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Planning the perfect party -The “Artisan of Wine” Services may be the Answer for You

Planning the perfect party -The “Artisan of Wine” Services may be the Answer for You

A story about a start-up business based on passion

By Jim Murphy  –  The “Artisan of Wine”
April 2, 2011
jmurphy29@neo.rr.com
330-256-4761

My profession is Marketing and Advertising but my Passion in Wine and Wine Parties!  I love to educate people about wine and at the same time help your guests have a great time.

Introduction

The following information has been complied by me after 25 years in the restaurant and wine industries and some of the observations I have made.  I have worked in every type of restaurant from fast food to fine restaurants.  I have also dined and made keen observations in thousands of restaurants across the USA.   One restaurant where I worked in particular taught me the joys of food and wine.  As I gained more knowledge about wine, my passion only grew.  This is meant to be educational as well as a way to gain more appreciation for wine.

A Short History of Wine

Wine has been an integral part of society for almost 10,000 years.  The Phoenicians around 4000 BC were dependent on wine for trade.  The Roman Empire by far has had the largest impact on the development of viticulture and enology (the science and study of all aspects of wine and wine making).  Wine was an integral part of the Roman diet.  As the Roman Empire expanded so too did the wine industry.  The Romans invented the first wine bottles and barrels and also saw the start of the current appellation system identifying certain regions as being better than others for growing grapes.

In the 18th Century, wine was universally used almost exclusively by the Catholic Church and as its missionary ventures expanded, wine went with it.  By 1823, the missions had established themselves in Sonoma, California.

During Prohibition the wine trade was subsidized by “church wine”.  As Prohibition ended, the wine industry grew and evolved into what it is today.  Major improvements occurred in the 1960’s that led to advanced methods of producing higher quality wines.

How Wine is Made

The key components of wine making are soil, climate, and propagation.  It normally takes 3-5 years to establish vines.

The harvest begins at varying times depending on climate, grape, and geography.  Once grapes are harvested they are crushed resulting in the “must”.  The must is 80% juice, 16% skins (wine pigment), 4% seeds (tannin).  All juice is white, exposure to the skins and seeds imparts color and flavor.  After the crush the juice is pressed and fermented.  After fermentation wines are aged and/or bottled.

Identifying Wine

Wine is identified in different ways depending on the origin and type of wine.  Generally, Old World wines are named by the chateau or area and negociant/grower and not by the grape. In the New World most wine is identified by the grower/winery and type of grape.  Reading the label will always provide the pertinent information regarding alcohol content, vintage, type, origin and source.

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7 Branding Secrets: Ready or Not?

By Michele Schermerhorn

Every company has a brand (how people think of them) whether they created it through design or accident. By creating your brand through design, you shape the way you wish your company to be viewed by customers and potential customers. This will remove some of the uncertainty concerning what others will expect from you and say about you. The power of a brand can’t be over-estimated. The Golden Arches are known worldwide.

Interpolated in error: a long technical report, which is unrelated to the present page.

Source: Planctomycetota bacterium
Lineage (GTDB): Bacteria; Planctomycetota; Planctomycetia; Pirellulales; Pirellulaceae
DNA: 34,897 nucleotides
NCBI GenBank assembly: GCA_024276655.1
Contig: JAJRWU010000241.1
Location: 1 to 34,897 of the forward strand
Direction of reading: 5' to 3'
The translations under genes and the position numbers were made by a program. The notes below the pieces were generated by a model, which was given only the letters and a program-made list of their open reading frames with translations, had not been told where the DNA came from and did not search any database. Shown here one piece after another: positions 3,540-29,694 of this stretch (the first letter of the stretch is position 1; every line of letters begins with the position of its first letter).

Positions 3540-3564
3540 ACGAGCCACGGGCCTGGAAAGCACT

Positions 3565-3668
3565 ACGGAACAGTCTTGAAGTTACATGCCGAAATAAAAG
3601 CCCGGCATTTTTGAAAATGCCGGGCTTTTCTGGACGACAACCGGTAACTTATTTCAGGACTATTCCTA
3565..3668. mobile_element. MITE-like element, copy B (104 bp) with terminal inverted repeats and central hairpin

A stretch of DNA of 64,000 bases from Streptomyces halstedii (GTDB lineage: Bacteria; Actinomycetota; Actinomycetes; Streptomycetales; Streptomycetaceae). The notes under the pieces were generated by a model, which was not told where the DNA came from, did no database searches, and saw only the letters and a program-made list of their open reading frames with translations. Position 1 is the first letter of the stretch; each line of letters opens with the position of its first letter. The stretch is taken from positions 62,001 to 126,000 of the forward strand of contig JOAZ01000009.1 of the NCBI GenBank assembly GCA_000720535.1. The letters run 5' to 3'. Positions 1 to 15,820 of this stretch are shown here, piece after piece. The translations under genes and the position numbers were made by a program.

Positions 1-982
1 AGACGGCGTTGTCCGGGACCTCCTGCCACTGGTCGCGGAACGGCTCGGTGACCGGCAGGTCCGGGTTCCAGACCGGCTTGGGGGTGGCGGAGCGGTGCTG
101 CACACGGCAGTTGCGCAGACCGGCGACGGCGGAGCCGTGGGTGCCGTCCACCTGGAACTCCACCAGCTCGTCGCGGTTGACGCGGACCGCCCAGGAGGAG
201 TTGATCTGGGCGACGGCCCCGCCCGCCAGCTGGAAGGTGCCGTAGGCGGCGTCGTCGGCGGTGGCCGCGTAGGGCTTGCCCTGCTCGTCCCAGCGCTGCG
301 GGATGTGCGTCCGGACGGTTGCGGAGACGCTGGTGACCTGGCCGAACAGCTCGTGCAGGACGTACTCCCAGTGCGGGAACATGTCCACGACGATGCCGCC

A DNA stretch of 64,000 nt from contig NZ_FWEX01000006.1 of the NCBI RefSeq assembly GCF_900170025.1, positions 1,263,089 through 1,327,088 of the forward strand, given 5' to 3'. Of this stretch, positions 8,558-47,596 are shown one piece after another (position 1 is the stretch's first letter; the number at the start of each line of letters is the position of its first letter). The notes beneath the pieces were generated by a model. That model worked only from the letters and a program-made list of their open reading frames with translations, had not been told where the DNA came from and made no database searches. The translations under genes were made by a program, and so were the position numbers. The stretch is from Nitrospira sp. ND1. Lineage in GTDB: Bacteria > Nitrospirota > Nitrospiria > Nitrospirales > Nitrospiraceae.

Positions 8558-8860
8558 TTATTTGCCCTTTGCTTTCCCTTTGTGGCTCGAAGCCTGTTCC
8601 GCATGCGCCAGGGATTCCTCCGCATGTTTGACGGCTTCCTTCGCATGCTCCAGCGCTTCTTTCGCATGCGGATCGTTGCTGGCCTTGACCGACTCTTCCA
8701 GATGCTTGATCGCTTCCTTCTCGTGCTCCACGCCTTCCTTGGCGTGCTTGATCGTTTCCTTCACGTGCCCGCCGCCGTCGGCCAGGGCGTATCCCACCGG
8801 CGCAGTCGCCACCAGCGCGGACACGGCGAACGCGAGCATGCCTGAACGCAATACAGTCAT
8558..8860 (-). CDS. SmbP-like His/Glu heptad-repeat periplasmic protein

However, many people confuse a logo with a brand. The logo is a very small portion of the brand effort, especially during the startup phases. Later, once your brand has been repeatedly communicated, in multiple ways, with consistency, the logo can begin to embody the overall brand. But, it will never be the brand.

Do you know what makes your company or its products unique? If you don’t you can’t begin to establish a brand identity by design. There are seven elements to remember when designing your brand.

One: Know Your Customers Better Than You Know Yourself

Customers buy for their reasons, not yours. If you want to sell them your product, you MUST sell to their concerns, not your own. Every piece of marketing copy must FOCUS upon them. If you don’t speak their language, you don’t get their money. With branding as with selling, if you don’t understand your customers, you won’t build a brand of which they want to be a part.

Let’s say you were trying to sell a snowboard. To effectively sell a snowboard to a fifteen year old requires an entirely different conversation than selling the same item to his mother. How you brand your product in these two different customer bases is entirely different if you wish to be successful. If your product could be sold to a fifteen year old or a 40 year old, you’d better decide who you are going to focus your branding efforts upon for the greatest success.

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Do you make these mistakes marketing your product?

Do you make these mistakes marketing your product?
by Andrew R. Spriegel
February 23, 2011

ANDHOW INNOVATIONS, LLC is finally ready to sign the non-exclusive licensing agreements and make money on our product!

The product is a dripless baster.  Here is the initial prototype:

 

Baster Valve

Baster Valve Inserted into the Tube

I don’t know why it took me seven years to figure out how to market my business partner’s and my invention.  My business partner is Howard Loewenthal, a principal engineer at Invacare Corporation. We developed a dripless baster that we have attempted to market and sell for years.